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  • The chief industry is the cultivation of oysters in four large beds in the Mare Piccolo; besides oysters, Taranto carries on a large trade in cozze, a species of large black mussel, which is packed in barrels with a special sauce.

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  • The ebb and flow of the tide is distinctly visible here, Taranto being one of the few places in the Mediterranean where it is perceptible.

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  • In 1861 the strategic importance of Taranto was recognized by the Italian government, and in 1864 a Naval Commission designated it as third maritime arsenal after Spezia and Venice.

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  • In 927 Taranto was entirely destroyed by the Saracens, but rebuilt in 967 by Nicephorus Phocas, to whom is due the construction of the bridge over the channel to the N.W.

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  • of Anjou, became prince of Taranto.

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  • The tarantula (see below), inhabits the neighbourhood of Taranto.

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  • the Arabian Sea, Bay of Bengal and Gulf of Arica, or such caldron-depressions as the Gulfs of Genoa and Taranto, or rift-depressions like the Gulfs of Aden and Akaba.

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  • Internal disorders broke out, and Gian Antonio Orsini, prince of Taranto, led a revolt against Joanna in Apulia; Louis of Anjou died while conducting a campaign against the rebels (1434), and Joanna herself died on the 11th of February 1435, after having appointed his son Rene her successor.

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  • She then married Prince Louis of Taranto, and strong in the double support of the papal court at Avignon and of the Venetian republic (both of whom were opposed to Magyar aggrandisement in Italy) questioned the right of Louis to the two Sicilies, which he claimed as the next heir of his murdered brother.

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  • succeeded to the empire, while to his illegitimate son Manfred he left the principality of Taranto and the regency of the southern kingdom, to be held in Conrad's name.

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  • With the help of some of the barons he drove Joanna and her second husband, Louis of Taranto, from the kingdom, and murdered Charles of Durazzo; but as Pope Clement refused to recognize his claims he went back to Hungary in 1348, and the fickle barons recalled Joanna, who returned and carried on desultory warfare with the partisans of Louis of Hungary.

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  • Louis of Taranto and Joanna were crowned at Naples by the pope's legate in 1352, but Niccolo Acciaiuoli, the seneschal, became the real master of the kingdom.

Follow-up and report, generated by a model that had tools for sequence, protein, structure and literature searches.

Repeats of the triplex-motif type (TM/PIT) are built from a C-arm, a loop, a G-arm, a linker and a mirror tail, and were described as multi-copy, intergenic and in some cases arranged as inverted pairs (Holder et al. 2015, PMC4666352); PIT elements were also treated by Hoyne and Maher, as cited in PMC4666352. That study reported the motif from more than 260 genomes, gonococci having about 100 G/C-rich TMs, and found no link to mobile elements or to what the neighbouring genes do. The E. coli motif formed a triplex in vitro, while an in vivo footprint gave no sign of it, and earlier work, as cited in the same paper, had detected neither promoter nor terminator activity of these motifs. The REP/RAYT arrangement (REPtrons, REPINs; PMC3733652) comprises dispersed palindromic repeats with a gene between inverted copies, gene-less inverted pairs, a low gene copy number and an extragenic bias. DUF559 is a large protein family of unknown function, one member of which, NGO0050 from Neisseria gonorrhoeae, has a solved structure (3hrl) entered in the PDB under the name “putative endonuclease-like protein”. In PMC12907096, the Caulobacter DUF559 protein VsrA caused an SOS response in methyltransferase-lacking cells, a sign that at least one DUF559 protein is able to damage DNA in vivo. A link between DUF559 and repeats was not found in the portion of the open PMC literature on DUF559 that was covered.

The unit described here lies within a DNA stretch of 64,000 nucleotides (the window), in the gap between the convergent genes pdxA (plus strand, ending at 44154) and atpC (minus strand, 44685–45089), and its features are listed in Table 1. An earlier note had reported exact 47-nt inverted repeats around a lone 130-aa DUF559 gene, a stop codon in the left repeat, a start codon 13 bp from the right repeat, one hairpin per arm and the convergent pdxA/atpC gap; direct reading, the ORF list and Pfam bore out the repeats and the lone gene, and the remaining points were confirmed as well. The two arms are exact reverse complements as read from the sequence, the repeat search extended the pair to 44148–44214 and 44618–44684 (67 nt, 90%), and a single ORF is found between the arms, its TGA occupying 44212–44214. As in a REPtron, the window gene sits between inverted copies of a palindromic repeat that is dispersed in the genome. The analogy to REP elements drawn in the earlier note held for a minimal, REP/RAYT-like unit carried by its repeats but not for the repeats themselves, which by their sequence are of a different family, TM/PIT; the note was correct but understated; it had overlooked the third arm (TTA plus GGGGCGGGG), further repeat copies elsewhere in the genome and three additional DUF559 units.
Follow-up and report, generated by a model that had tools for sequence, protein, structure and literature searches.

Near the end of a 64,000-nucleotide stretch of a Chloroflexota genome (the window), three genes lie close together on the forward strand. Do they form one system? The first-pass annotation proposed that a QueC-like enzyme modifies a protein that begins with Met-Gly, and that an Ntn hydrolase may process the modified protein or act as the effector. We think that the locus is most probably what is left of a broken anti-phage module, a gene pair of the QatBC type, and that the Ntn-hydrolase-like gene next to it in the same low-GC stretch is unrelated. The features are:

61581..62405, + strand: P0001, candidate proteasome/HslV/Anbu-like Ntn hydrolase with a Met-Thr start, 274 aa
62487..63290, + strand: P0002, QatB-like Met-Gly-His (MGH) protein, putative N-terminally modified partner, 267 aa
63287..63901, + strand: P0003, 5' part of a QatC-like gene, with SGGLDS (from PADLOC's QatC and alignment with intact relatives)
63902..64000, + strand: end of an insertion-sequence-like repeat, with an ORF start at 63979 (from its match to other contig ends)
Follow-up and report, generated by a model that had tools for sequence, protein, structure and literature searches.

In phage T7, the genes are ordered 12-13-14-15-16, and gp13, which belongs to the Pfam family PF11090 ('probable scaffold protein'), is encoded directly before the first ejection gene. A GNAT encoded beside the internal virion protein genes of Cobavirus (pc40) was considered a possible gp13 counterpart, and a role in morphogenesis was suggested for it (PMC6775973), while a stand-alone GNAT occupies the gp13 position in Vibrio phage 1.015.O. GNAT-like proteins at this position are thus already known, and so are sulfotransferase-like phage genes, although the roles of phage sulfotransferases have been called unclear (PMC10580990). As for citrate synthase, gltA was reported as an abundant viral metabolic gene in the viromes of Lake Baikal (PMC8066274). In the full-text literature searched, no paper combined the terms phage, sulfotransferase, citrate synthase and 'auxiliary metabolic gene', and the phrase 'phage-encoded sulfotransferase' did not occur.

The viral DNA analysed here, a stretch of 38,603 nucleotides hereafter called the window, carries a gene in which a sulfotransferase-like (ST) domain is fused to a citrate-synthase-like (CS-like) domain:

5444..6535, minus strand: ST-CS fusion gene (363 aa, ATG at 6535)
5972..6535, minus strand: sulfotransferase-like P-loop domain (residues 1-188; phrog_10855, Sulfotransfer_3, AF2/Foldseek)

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  • by the Gulf of Taranto (for a distance of 24 m.), S.

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  • into the Gulf of Taranto.

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  • by the railway from Naples to Taranto and Brindisi, which passes through Potenza and reaches at Metaponto the line along the E.

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  • coast from Taranto to Reggio di Calabria.

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  • from the Naples and Taranto line at Sicignano terminates at Lagonegro, on the W.

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  • The mountains are still to some extent clothed with forests; in places the soil is fertile, especially along the Gulf of Taranto, though here malaria is the cause of inefficient cultivation.

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  • Unluckily very few originals of the inscriptions are now in existence, though some few remain in the museum at Taranto.

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  • TARANTULA, strictly speaking, a large spider (Lycosa tarantula), which takes its name from the town of Taranto, (Tarentum) in Apulia, near which it occurs and where it was formerly believed to be the cause of the malady known as "tarantism."

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  • Early in the 14th century the inner port was blocked by Giovanni Orsini, prince of Taranto; the town was devastated by pestilence in 1348, and was plundered in 1352 and 1383; but even greater damage was done by the earthquake of 1456.

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  • Antonio, the junction for Foggia, Spinazzola (for Barletta, Bari, and Taranto) and Potenza.

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  • Roman roads followed the same lines as the railways: the Via Appia ran from Capua to Benevento, whence the older road went to Venosa and Taranto and so to Brindisi, while the Via Traiana ran nearly to Foggia and thence to Bari.

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  • In the town of Taranto victims of the tarantula danced a frenzied tarantella to prevent death from tarantism.